The Royal Pavilion Garden is a prime example of this interest in ‘exotic’ botany. The Prince Regent was an avid collector of rare plants. Under his patronage, botanists like Francis Masson travelled to South Africa and the Azores to collect plants for the Pavilion Garden, displaying a wide array of ‘exotic’ flowers, shrubs and trees. At the same time, there was often accidental transportation. For example, botanists unwittingly introduced European snails to the Azores, which led to the extinction of many native snail species. Most of these extinct snails can now only be seen in museums – including the Booth Museum of Natural History.
As well as the damage caused in native lands, some plants brought back to Britain proved to be invasive species that are still causing environmental damage today.
Himalayan balsam, with its attractive pink flowers, was introduced to the UK in the mid-19th century as an ornamental plant. It forms dense stands that outcompete native plants, leading to a loss of biodiversity particularly along riverbanks and waterways. Its tall growth shades out other vegetation, exacerbating the problem. The plant also tends to spread rapidly, with its seeds being easily dispersed by water, animals, and human activities.
And many gardeners know the frustrations of Japanese knotweed, also introduced in the mid-19th century as an ornamental plant.
A highly invasive species, Japanese knotweed (native to East Asia in Japan, China and Korea) has not only caused significant harm to British nature, but it can also damage infrastructure. Its roots can penetrate through cracks in roads and buildings, causing structural damage. Controlling and eradicating Japanese knotweed has proved challenging, and it remains a persistent problem in many parts of the UK. A recent study has calculated that Japanese knotweed costs the UK economy £246.5m a year.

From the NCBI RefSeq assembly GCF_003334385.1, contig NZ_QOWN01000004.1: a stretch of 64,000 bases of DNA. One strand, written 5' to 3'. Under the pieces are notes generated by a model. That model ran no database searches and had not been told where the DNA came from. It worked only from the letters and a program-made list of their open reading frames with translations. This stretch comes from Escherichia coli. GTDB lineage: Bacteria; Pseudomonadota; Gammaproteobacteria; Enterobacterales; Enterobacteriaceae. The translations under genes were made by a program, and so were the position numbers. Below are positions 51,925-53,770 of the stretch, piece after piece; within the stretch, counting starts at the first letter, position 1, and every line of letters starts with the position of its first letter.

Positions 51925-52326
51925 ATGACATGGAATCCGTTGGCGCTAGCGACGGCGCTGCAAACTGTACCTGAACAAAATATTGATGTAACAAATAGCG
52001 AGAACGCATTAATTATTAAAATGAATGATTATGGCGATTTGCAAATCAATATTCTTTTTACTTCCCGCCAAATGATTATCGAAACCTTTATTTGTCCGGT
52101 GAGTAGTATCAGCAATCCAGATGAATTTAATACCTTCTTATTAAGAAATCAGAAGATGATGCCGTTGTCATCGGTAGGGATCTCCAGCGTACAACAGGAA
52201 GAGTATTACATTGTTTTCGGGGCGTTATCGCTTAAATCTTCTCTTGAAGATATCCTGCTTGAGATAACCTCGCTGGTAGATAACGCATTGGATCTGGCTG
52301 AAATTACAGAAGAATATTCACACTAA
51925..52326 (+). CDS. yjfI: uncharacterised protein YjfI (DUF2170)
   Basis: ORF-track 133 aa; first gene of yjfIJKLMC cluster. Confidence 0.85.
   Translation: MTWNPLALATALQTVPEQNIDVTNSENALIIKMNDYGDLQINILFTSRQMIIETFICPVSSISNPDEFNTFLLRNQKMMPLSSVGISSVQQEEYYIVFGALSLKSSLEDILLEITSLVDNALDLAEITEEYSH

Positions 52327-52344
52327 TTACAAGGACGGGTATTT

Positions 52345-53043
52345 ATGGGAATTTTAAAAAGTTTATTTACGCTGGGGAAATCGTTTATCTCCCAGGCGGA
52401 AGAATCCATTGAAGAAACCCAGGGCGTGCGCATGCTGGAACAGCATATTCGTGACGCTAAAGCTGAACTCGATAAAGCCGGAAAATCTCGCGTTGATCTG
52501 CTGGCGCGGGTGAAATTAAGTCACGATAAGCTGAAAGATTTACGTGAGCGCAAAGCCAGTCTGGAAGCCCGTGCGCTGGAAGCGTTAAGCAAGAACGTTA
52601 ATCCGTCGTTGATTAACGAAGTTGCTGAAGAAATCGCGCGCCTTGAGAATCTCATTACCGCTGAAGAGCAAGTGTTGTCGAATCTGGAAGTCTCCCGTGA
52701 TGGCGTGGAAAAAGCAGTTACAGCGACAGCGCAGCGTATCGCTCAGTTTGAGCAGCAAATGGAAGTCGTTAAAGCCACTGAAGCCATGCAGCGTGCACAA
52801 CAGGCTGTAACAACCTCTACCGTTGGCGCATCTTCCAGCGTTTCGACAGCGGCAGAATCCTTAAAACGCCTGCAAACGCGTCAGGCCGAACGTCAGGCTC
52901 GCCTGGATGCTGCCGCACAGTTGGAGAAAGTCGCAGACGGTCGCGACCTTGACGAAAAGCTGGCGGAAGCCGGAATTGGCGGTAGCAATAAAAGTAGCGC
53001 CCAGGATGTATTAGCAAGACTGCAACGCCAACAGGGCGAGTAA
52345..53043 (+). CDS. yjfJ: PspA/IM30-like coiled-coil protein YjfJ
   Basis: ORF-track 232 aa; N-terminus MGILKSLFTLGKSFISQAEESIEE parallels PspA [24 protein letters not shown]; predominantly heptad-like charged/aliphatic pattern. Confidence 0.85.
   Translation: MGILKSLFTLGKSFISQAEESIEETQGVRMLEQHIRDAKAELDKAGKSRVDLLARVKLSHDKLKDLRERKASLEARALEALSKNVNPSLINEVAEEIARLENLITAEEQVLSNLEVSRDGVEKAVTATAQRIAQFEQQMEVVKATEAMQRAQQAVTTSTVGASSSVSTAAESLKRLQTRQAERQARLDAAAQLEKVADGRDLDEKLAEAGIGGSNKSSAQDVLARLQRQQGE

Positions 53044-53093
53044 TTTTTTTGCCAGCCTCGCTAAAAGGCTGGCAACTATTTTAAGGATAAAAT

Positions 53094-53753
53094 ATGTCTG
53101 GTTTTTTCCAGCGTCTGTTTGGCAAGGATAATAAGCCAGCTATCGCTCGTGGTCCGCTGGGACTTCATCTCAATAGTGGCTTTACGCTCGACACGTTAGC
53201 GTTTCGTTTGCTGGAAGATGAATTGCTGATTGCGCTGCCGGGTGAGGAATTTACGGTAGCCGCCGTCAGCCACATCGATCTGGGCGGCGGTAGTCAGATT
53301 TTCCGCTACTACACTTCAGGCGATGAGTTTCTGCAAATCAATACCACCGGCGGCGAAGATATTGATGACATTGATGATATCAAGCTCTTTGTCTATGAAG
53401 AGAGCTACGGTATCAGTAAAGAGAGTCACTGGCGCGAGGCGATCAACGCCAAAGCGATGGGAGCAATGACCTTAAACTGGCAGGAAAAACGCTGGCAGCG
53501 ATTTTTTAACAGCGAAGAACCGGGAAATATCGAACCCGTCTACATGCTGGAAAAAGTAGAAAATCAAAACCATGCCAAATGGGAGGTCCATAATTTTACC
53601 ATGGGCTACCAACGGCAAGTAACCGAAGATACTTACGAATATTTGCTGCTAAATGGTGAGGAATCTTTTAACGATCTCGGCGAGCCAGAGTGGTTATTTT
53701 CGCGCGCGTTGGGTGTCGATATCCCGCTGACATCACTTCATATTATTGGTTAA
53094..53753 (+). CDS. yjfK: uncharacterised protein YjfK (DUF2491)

The myth of the harmless botanist conceals the harmful effects of botanical exploration during the colonial era. But recognising the dark side of botany and the colonial legacies it carries is crucial for understanding the historical and ongoing impacts of botanical exploration.
At Brighton & Hove Museums we are undertaking a more nuanced and critical examination of the motivations, methods, and consequences of plant collection and display in our gardens. By acknowledging and learning from the mistakes of the past, we can strive for a more responsible and inclusive approach to botany that respects the interconnectedness of nature, culture, and history.